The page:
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Transl Psychiatry. 2018 Nov 14;8(1):247. doi: 10.1038/s41398-018-0295-3.

Continuous performance test impairment in a 22q11.2 microdeletion mouse model: improvement by amphetamine.

Nilsson SRO1,2,3,4, Heath CJ5, Takillah S6,7,8,9,10, Didienne S8, Fejgin K11, Nielsen V11, Nielsen J11, Saksida LM1,2,12,13,14, Mariani J9,10, Faure P7, Didriksen M11, Robbins TW1,2, Bussey TJ1,2,12,13,14, Mar AC15,16.

Author information

1
Department of Psychology, University of Cambridge, Cambridge, UK.
2
MRC and Wellcome Trust Behavioural and Clinical Neuroscience Institute, University of Cambridge, Cambridge, UK.
3
Neuroscience Institute, New York University Medical Center, New York, NY, USA.
4
Department of Neuroscience and Physiology, School of Medicine, New York University, New York, NY, USA.
5
School of Life, Health and Chemical Sciences, The Open University, Walton Hall, Milton Keynes, UK.
6
Fatigue and Vigilance team, Neuroscience and Operational Constraints Department, French Armed Forces Biomedical Research Institute (IRBA), Brétigny-sur-Orge, France.
7
VIFASOM team (EA 7330), Paris Descartes University, Sorbonne Paris Cité, Hôtel Dieu, Paris, France.
8
Sorbonne Universités, Université Pierre et Marie Curie (UPMC), CNRS, INSERM, U1130, Institut de Biologie Paris Seine (IBPS), UMR 8246 Neuroscience Paris Seine (NPS), Team Neurophysiology and Behavior, Paris, France.
9
Sorbonne Universités, Université Pierre et Marie Curie (UPMC), CNRS, Institut de Biologie Paris Seine (IBPS), UMR 8256 Biological adaptation and ageing (B2A), Team Brain Development, Repair and Ageing, Paris, France.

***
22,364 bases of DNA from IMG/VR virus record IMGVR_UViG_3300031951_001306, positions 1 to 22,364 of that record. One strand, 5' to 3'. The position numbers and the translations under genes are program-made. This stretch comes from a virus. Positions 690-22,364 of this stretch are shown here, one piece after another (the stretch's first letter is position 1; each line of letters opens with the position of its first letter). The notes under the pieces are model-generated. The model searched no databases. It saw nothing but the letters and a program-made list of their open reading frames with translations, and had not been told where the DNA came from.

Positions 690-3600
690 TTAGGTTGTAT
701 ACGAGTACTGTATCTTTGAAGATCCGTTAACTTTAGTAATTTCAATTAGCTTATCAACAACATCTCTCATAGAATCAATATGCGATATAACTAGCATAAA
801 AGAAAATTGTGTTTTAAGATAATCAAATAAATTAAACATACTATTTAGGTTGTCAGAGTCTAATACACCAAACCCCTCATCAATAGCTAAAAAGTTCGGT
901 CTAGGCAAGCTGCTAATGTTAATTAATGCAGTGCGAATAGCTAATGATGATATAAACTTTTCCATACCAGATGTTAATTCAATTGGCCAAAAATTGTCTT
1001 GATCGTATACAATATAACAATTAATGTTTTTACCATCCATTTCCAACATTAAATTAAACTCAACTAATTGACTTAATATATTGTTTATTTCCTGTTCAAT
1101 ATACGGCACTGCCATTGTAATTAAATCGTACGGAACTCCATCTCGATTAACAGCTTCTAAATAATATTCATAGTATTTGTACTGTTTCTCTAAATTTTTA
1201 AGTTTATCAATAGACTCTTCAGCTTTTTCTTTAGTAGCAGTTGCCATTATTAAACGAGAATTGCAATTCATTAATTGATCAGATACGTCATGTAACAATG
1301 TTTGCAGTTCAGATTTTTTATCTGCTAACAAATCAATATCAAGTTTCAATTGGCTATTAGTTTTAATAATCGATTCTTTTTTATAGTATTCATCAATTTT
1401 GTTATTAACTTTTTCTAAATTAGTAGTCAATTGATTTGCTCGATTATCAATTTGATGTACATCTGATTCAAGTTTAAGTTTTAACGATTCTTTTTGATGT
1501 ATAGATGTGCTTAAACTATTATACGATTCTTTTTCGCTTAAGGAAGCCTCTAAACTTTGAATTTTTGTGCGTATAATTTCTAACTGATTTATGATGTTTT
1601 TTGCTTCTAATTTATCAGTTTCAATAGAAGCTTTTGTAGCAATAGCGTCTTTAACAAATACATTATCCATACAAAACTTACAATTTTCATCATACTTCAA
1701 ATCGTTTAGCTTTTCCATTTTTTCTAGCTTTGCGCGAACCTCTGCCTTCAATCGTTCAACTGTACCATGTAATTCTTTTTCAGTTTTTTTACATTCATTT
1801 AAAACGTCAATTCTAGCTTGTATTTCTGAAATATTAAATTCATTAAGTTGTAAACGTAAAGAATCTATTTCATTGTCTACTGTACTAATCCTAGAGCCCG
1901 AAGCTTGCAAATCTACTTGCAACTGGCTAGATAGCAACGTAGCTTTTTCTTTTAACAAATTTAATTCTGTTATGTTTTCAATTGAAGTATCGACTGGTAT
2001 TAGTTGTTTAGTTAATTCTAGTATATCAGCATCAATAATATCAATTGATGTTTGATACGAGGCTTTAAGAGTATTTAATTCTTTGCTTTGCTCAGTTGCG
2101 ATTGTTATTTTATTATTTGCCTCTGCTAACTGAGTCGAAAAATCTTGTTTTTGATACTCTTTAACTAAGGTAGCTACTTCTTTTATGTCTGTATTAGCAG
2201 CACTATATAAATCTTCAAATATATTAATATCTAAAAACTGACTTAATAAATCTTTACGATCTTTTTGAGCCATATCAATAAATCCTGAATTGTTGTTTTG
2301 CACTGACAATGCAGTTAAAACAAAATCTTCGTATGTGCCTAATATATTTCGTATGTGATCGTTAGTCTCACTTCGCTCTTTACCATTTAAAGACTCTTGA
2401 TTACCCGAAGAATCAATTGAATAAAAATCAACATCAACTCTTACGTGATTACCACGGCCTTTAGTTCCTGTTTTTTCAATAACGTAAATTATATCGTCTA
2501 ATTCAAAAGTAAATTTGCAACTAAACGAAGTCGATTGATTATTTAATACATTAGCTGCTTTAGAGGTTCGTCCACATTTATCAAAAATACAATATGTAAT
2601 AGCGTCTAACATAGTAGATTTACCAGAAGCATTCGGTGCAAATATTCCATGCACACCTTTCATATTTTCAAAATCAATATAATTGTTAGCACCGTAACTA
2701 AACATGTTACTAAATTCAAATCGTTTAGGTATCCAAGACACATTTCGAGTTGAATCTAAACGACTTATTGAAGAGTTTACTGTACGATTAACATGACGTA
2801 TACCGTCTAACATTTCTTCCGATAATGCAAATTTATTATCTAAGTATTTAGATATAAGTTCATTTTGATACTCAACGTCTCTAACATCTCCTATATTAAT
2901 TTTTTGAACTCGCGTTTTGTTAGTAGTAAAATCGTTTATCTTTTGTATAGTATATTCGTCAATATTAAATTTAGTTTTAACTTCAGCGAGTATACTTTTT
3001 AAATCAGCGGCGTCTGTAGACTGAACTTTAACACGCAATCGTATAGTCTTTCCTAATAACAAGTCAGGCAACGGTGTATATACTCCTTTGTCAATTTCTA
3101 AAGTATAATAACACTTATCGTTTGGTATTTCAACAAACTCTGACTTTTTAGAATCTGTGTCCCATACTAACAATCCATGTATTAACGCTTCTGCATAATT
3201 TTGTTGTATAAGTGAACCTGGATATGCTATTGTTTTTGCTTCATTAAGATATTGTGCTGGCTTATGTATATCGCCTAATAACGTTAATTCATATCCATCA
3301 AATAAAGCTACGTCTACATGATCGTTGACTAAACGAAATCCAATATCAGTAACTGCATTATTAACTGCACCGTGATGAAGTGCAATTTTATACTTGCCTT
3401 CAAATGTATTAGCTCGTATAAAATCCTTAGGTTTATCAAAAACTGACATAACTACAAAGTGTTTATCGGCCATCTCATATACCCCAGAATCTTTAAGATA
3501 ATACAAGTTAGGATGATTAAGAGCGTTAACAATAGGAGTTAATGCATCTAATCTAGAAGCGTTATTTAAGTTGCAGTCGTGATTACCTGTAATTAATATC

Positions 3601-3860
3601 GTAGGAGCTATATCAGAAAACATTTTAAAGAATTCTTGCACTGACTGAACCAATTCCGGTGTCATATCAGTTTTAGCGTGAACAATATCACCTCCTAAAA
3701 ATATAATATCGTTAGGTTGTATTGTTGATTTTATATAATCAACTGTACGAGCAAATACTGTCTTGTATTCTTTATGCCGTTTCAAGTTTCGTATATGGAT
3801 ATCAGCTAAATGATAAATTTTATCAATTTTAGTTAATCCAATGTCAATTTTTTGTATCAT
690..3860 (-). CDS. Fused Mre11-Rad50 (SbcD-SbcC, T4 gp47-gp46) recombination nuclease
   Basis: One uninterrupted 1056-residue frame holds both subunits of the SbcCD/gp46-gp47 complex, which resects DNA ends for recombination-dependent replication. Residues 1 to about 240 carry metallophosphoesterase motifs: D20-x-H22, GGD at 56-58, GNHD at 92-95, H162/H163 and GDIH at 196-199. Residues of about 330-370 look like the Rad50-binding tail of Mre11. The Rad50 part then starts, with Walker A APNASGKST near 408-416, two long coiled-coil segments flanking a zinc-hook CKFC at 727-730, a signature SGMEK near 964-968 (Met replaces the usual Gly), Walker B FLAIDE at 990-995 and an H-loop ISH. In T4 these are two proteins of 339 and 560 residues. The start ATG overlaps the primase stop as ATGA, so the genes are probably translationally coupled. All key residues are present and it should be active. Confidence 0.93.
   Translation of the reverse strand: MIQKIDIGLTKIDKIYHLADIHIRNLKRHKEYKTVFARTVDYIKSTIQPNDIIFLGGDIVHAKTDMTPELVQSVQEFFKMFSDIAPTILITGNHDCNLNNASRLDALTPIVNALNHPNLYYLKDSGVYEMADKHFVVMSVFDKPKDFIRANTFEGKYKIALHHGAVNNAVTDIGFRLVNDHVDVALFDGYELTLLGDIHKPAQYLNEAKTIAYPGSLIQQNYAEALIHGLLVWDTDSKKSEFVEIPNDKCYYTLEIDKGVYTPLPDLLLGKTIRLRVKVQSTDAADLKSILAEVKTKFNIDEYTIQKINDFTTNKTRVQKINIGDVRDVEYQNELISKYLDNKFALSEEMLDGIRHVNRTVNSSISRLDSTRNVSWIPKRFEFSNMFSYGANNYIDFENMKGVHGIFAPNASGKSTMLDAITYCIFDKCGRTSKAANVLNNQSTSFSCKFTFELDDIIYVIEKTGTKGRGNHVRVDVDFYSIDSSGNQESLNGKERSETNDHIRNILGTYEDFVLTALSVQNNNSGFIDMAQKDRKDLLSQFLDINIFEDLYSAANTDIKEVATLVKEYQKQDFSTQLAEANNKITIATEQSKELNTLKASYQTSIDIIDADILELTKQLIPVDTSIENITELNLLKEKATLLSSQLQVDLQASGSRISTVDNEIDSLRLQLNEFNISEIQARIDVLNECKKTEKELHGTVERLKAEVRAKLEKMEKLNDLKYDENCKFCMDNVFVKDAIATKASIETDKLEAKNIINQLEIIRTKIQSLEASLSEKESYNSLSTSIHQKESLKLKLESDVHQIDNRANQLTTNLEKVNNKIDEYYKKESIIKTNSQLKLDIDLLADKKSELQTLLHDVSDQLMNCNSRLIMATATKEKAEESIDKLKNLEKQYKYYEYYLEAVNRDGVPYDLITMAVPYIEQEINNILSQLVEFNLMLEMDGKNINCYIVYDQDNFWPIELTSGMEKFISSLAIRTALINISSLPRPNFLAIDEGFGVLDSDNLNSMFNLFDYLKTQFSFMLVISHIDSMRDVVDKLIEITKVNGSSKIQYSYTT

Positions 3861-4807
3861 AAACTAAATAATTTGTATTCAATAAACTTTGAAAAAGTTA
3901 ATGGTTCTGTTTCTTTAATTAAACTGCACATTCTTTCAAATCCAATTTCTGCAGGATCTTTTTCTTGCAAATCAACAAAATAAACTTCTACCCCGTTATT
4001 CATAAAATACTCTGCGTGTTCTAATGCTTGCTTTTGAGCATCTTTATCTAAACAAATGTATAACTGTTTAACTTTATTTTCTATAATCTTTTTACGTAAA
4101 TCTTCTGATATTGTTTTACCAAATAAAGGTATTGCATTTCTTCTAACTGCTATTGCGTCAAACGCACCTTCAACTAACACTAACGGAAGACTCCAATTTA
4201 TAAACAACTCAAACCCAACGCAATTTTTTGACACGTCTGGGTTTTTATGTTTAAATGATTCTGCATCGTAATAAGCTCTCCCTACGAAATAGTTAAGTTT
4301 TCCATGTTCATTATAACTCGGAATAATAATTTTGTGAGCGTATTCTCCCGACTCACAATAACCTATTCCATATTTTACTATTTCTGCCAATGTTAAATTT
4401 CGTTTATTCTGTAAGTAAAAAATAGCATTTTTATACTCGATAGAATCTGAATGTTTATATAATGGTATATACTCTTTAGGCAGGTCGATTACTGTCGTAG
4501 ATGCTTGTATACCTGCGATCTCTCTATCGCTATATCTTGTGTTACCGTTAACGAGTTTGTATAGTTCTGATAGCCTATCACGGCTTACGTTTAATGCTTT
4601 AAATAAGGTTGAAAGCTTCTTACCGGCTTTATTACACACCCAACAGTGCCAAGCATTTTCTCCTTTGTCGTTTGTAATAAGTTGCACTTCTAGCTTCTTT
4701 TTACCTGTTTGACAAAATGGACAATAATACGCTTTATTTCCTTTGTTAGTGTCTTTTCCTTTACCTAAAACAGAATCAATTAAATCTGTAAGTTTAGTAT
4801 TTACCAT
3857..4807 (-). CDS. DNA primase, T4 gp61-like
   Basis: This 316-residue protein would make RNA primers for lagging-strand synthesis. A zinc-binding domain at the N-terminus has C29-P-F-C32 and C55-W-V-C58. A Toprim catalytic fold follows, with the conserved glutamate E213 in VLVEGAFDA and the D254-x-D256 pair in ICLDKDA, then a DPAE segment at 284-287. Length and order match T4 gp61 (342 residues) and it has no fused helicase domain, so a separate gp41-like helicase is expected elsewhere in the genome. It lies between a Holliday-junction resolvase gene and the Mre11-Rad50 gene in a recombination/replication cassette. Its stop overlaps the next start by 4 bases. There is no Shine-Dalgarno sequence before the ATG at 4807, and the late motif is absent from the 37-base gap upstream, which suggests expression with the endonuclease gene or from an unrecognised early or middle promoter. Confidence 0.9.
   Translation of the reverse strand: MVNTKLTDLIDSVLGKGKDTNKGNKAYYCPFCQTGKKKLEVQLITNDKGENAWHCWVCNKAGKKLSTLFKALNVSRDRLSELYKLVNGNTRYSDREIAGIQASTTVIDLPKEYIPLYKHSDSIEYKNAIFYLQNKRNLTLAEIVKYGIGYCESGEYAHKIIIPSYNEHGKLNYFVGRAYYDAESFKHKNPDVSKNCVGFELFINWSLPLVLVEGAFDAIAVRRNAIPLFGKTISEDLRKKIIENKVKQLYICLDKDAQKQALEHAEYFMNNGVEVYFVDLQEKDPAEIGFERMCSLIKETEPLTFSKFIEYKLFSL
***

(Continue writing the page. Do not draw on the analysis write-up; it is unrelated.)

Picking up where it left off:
10
APHP Hôpital, DHU Fast, Institut de la Longévité, Ivry-Sur-Seine, France.
11
H. Lundbeck A/S, Synaptic Transmission, Neuroscience Research DK, Copenhagen, Denmark.
12
Molecular Medicine Research Group, Robarts Research Institute & Department of Physiology, Western University, London, ON, Canada.
13
Pharmacology, Schulich School of Medicine & Dentistry, Western University, London, ON, Canada.
14
The Brain and Mind Institute, Western University, London, ON, Canada.
15
Neuroscience Institute, New York University Medical Center, New York, NY, USA. Adam.Mar@nyumc.org.
16
Department of Neuroscience and Physiology, School of Medicine, New York University, New York, NY, USA. Adam.Mar@nyumc.org.

Abstract

The 22q11.2 deletion syndrome (22q11.2DS) confers high risk of neurodevelopmental disorders such as schizophrenia and attention-deficit hyperactivity disorder. These disorders are associated with attentional impairment, the remediation of which is important for successful therapeutic intervention. We assessed a 22q11.2DS mouse model (Df(h22q11)/+) on a touchscreen rodent continuous performance test (rCPT) of attention and executive function that is analogous to human CPT procedures. Relative to wild-type littermates, Df(h22q11)/+ male mice showed impaired attentional performance as shown by decreased correct response ratio (hit rate) and a reduced ability to discriminate target stimuli from non-target stimuli (discrimination sensitivity, or d'). The Df(h22q11)/+ model exhibited decreased prefrontal cortical-hippocampal oscillatory synchrony within multiple frequency ranges during quiet wakefulness, which may represent a biomarker of cognitive dysfunction. The stimulant amphetamine (0-1.0 mg/kg, i.p.) dose-dependently improved d' in Df(h22q11)/+ mice whereas the highest dose of modafinil (40 mg/kg, i.p.) exacerbated their d' impairment. This is the first report to directly implicate attentional impairment in a 22q11.2DS mouse model, mirroring a key endophenotype of the human disorder. The capacity of the rCPT to detect performance impairments in the 22q11.2DS mouse model, and improvement following psychostimulant-treatment, highlights the utility and translational potential of the Df(h22q11)/+ model and this automated behavioral procedure.

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